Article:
The Duke of Edinburgh's Award at Gordonstoun

The Duke of Edinburgh's Award is the world’s leading youth achievement award, which incorporates physical activities, volunteering and expeditions. It owes its existence to the vision of our founder, Kurt Hahn.

Gordonstoun is very proud to be the birthplace of The Duke of Edinburgh’s Award. The school’s founder, Kurt Hahn, wanted to share his unique educational ethos with the local community and set up the Moray Badge in 1936. It was such a success that Hahn wanted to make it a national award and, in 1954, he consulted with Prince Philip, one of his first pupils at Gordonstoun, and persuaded him to give his name to what then became the Duke of Edinburgh’s Award.

It is now unquestionably the world’s leading youth achievement award, taking place in over 140 countries. It encompasses the ethos of Gordonstoun which empowers young people by creating opportunities for them to challenge themselves, help in their communities, enhance their skills, grow in confidence and develop resilience. In HRH The Duke of Edinburgh’s words ‘The Award is intended to help both the young as well as those who are concerned for their welfare. The object is to provide an introduction to worthwhile leisure activities and voluntary service, as a challenge to the individual to discover the satisfaction of achievement and as a guide for those people and organizations who would like to encourage the development of their young fellow citizens.’

This year, 135 Gordonstoun students participated in the Awards, with 20 undertaking the Bronze, 20 the Silver and 95 of our Years 12 & 13 amidst their Gold Awards.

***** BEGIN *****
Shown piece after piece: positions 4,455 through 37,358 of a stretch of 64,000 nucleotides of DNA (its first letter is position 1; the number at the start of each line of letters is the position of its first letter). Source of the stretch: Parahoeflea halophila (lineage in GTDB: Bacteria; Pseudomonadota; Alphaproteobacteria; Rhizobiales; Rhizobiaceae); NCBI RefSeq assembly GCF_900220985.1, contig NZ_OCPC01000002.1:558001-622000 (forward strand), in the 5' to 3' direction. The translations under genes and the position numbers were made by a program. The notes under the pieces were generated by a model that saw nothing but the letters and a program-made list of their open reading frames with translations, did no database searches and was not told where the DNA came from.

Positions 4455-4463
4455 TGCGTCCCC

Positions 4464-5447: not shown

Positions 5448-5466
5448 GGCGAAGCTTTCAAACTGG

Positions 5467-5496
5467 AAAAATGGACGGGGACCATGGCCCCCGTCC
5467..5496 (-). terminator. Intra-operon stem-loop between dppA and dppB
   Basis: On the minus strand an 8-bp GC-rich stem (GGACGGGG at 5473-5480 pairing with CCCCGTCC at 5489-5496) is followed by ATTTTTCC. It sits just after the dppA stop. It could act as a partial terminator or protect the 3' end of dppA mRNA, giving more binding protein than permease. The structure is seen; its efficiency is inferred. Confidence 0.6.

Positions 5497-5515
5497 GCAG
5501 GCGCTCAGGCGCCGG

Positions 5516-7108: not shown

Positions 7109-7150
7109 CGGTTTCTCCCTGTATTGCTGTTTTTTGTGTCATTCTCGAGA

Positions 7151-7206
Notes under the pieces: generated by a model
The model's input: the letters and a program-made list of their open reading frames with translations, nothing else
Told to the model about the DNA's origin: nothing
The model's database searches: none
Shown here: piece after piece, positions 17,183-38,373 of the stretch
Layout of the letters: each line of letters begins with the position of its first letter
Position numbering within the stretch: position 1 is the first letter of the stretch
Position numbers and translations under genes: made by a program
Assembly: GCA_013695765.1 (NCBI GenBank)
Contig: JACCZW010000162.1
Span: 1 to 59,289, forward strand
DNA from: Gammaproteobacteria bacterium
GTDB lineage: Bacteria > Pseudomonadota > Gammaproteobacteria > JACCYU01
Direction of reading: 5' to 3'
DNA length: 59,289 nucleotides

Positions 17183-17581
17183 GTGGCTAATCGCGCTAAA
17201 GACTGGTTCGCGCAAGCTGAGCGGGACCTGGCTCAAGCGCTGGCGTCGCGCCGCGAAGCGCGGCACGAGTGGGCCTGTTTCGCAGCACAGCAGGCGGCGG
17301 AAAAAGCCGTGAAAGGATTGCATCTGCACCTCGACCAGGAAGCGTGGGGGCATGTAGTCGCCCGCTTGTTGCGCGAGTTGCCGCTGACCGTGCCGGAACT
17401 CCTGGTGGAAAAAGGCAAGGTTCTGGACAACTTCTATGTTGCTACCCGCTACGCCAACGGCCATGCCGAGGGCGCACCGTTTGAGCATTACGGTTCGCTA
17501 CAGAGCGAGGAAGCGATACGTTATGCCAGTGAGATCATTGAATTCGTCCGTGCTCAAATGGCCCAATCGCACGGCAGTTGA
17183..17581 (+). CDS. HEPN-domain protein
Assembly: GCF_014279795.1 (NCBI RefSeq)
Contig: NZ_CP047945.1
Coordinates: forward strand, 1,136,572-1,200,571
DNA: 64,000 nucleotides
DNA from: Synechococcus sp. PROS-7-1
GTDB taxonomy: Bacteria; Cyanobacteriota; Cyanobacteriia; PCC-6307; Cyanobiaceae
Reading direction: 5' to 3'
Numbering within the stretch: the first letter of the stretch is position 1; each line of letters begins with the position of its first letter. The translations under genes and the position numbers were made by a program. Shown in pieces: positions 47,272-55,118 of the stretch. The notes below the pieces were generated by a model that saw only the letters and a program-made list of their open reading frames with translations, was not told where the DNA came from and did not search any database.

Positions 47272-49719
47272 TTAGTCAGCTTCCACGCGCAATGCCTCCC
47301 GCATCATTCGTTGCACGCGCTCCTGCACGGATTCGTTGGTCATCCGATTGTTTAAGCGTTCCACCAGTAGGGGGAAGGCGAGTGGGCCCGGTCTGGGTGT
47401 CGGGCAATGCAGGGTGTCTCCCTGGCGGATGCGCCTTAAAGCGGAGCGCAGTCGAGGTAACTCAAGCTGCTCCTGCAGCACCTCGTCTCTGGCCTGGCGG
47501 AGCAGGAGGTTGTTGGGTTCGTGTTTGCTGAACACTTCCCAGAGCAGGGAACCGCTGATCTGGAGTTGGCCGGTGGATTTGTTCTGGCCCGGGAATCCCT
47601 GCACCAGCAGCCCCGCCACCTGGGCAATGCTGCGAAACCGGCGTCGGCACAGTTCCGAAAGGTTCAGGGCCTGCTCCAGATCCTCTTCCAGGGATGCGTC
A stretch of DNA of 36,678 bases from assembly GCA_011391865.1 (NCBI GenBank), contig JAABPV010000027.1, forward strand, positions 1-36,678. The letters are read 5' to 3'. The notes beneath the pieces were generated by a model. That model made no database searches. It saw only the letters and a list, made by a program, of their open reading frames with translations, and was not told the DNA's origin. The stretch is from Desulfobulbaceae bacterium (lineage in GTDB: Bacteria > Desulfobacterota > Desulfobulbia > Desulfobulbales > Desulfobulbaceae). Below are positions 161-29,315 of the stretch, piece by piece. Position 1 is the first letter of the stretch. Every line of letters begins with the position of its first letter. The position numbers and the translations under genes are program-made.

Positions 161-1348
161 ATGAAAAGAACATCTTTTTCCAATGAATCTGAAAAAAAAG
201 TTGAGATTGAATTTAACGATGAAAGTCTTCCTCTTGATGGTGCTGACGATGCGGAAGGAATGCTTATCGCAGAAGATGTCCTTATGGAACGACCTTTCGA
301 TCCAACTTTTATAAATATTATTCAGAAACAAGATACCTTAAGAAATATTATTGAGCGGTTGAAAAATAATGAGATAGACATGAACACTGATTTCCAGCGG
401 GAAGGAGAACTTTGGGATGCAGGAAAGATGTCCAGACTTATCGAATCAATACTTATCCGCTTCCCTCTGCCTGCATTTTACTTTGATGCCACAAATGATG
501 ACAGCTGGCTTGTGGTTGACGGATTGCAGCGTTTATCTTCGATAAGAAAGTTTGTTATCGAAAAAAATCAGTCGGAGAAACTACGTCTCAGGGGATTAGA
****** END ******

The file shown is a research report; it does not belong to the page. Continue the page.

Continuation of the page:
Following, three of those students share their Gold DofE experiences.

Anna S, Plewlands House Year 13

I started my Gold DofE at the beginning of year 12 without having done either of the two previous levels due to Covid.

Picking my volunteering section was easy as I had my NPLQ as part of the lifeguarding service meaning I volunteered to take shifts in the pool. For my physical section I picked hockey, I trained, played matches and during the holidays kept up with my fitness meaning I could reach the 6-month timescale. Before starting DofE I knew how to knit but decided my skill would be to improve this and learn to crochet which I have done successfully. One of the hardest parts of DofE was the residential where you spend a minimum of four nights somewhere you don’t know anyone. For this I volunteered at a local outdoor activities centre helping with white water rafting and Pak kayaking and even though it seemed hard at the beginning it was a valuable experience. Overall, I have enjoyed every element of my DofE, but my highlight was the expedition as we spent 3 nights in the Cairngorms all the while having a sub target of creating a documentary of all the animals and wildlife we spotted along the way.

Johnny M, Duffus House Year 13